The Champions Trophy 2017 Final couldn’t have had a better match-up: the defending champions India taking on a Pakistan side who were vying for the only trophy they hadn’t won. We had talked up the Final as a mismatch and in the end, it played out as one. Not in recent times in a major ODI tournament has an underdog upstaged every favourite—South Africa, England and India—en route to winning the trophy, making this one of the great sporting stories that you will witness and talk about for many years to come. What we can also learn and remind ourselves is that being an underdog is not bad. Team India, along with the likes of Pakistan, went into the inaugural World Twenty20 Championship as underdogs. But with no weight of expectations, MS Dhoni’s India created history by beating Shoaib Malik’s men in the Final.
We had said and thought in the build-up that Team India had everything Pakistan didn’t: temperament required for a big occasion, the experience of handling the crunch moments in a big match and Virat Kohli, including himself, having more than a handful of match-winners at his disposal. How wrong have we been proved in the end by the Men in Green? The smaller aspects had the bigger say in proceedings on the day of the Final, with India gifting their arch-rivals 16 avoidable extra runs (13 wides and 3 no-balls), failing to hit the stumps on numerous occasions and then failing to see off the threat of Mohammad Amir and Junaid Khan with the new ball.
Despite Pakistan’s performance over 80.3 overs, their detractors and Indian fans will continue to harp on Jasprit Bumrah’s no-ball in the fourth over the match. And they won’t be wrong. But what you cannot deny is India didn’t create a lot of wicket-taking opportunities, as Kohli said at the presentation, and they also failed to take the chances on the field with Azhar Ali, Zaman and Babar Azam pinching easy singles at the start and during the middle overs of their innings. India were extremely bad in all departments at the most inopportune time and they have been made to pay a heavy price by one of the unfancied teams in the tournament.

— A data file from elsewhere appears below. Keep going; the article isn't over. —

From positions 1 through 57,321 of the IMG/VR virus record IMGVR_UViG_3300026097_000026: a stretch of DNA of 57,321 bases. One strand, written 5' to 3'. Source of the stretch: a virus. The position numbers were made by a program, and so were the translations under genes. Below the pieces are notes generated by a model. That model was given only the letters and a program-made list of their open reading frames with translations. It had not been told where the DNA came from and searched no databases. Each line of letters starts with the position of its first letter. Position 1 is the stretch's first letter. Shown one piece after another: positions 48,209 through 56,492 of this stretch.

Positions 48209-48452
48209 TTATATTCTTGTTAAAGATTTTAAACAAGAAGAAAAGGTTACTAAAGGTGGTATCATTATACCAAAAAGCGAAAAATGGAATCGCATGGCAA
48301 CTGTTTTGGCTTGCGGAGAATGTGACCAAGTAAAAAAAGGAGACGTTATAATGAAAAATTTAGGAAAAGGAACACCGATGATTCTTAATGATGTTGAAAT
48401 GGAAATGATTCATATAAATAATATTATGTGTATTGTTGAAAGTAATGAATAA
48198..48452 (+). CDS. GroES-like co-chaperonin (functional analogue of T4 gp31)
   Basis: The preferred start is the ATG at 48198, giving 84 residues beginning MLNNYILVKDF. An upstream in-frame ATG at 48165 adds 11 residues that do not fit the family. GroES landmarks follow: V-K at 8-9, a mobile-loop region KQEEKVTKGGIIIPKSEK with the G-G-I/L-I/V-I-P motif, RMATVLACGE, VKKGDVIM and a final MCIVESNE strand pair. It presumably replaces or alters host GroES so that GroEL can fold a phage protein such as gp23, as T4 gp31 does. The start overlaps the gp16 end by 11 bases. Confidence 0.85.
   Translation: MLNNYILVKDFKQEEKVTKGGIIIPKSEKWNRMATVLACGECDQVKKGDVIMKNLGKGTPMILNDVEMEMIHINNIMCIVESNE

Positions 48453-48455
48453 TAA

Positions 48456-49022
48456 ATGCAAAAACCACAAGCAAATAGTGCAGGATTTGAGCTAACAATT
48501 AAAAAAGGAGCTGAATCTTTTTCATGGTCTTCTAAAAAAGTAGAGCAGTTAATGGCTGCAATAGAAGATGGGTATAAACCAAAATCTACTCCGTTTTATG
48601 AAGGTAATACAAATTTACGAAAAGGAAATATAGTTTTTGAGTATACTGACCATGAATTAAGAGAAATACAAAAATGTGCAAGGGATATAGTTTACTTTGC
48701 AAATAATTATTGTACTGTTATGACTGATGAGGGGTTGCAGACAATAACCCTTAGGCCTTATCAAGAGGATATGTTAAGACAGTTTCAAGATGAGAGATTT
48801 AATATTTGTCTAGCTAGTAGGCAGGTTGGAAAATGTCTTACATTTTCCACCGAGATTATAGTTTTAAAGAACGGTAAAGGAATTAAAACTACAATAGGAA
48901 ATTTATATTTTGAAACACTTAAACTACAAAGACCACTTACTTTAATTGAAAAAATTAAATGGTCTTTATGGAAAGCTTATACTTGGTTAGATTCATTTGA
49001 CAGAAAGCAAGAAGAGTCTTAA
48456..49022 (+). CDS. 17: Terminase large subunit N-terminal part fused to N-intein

Hardik Pandya’s all-round showing and Bhuvneshwar Kumar’s measly 10-over spell of 1/44 were the only two positives for the former champions. Pandya, of whom not a lot was expected with the ball, bowled an extremely tight spell of 1/53 in 10 overs, on a day three of the frontline bowlers not only failed to create wicket-taking opportunities but also keep a lid on the scoring. The Baroda all-rounder had gone for just 41 runs in his first nine overs and got India the massive wicket of Zaman in the 34th over and with Pakistan at 200. Pandya made a 43-ball 76 and just for a two-over period from the 23rd over onwards, the Mumbai Indians man gave a feeling that all might not be lost yet. He was fighting a lost cause and a miscommunication with Ravindra Jadeja cost him his wicket, having shared an 80-run partnership for the seventh wicket.
India went into their title defence with every base covered. And after the blip against Srilanka, they produced two complete performances to reach the Final. Ravichandran Ashwin and Jadeja had disappointing tournaments, and their performances in the Final, in particular, hurt India badly. Ashwin went for 70 runs in his 10 overs and Jadeja haemorrhaged 67 runs in his eight-over spell, giving Kohli two massive headaches. The Indian captain chose to bowl Jadhav from the 39th over onwards, to make up for Jadeja’s quota of overs. And, needless to say, on top of the left-arm spinner conceding 67 runs, the Maharashtra batsmen gave away 27 runs in his three overs, the last of which cost him and India 16 runs.
Despite Pakistan’s deserved victory, from an Indian perspective, Kohli and co. will probably not get a similar chance to win a competition as the Champions Trophy. This is an unforgiving tournament and as England found out, if you are not on top of your game come the semi-final and Final, your performances until this point count for nothing. With heavyweights such as Australia and South Africa dropping out of the tournament at the group stage, this was India’s best chance to add another trophy to their cabinet and improve on their recent pedigree in ICC tournaments. India had won two of the three Finals they had been part of since 2011 and they could have won their third major trophy in the last seven years.
Though the senior Indian cricketers were having a chuckle with their victorious Pakistani counterparts after the loss, deep down, this loss will hurt. For, India might never have a better chance to win a competition as this and a major trophy.
Are you disappointed and what are your thoughts about India’s loss in the Final?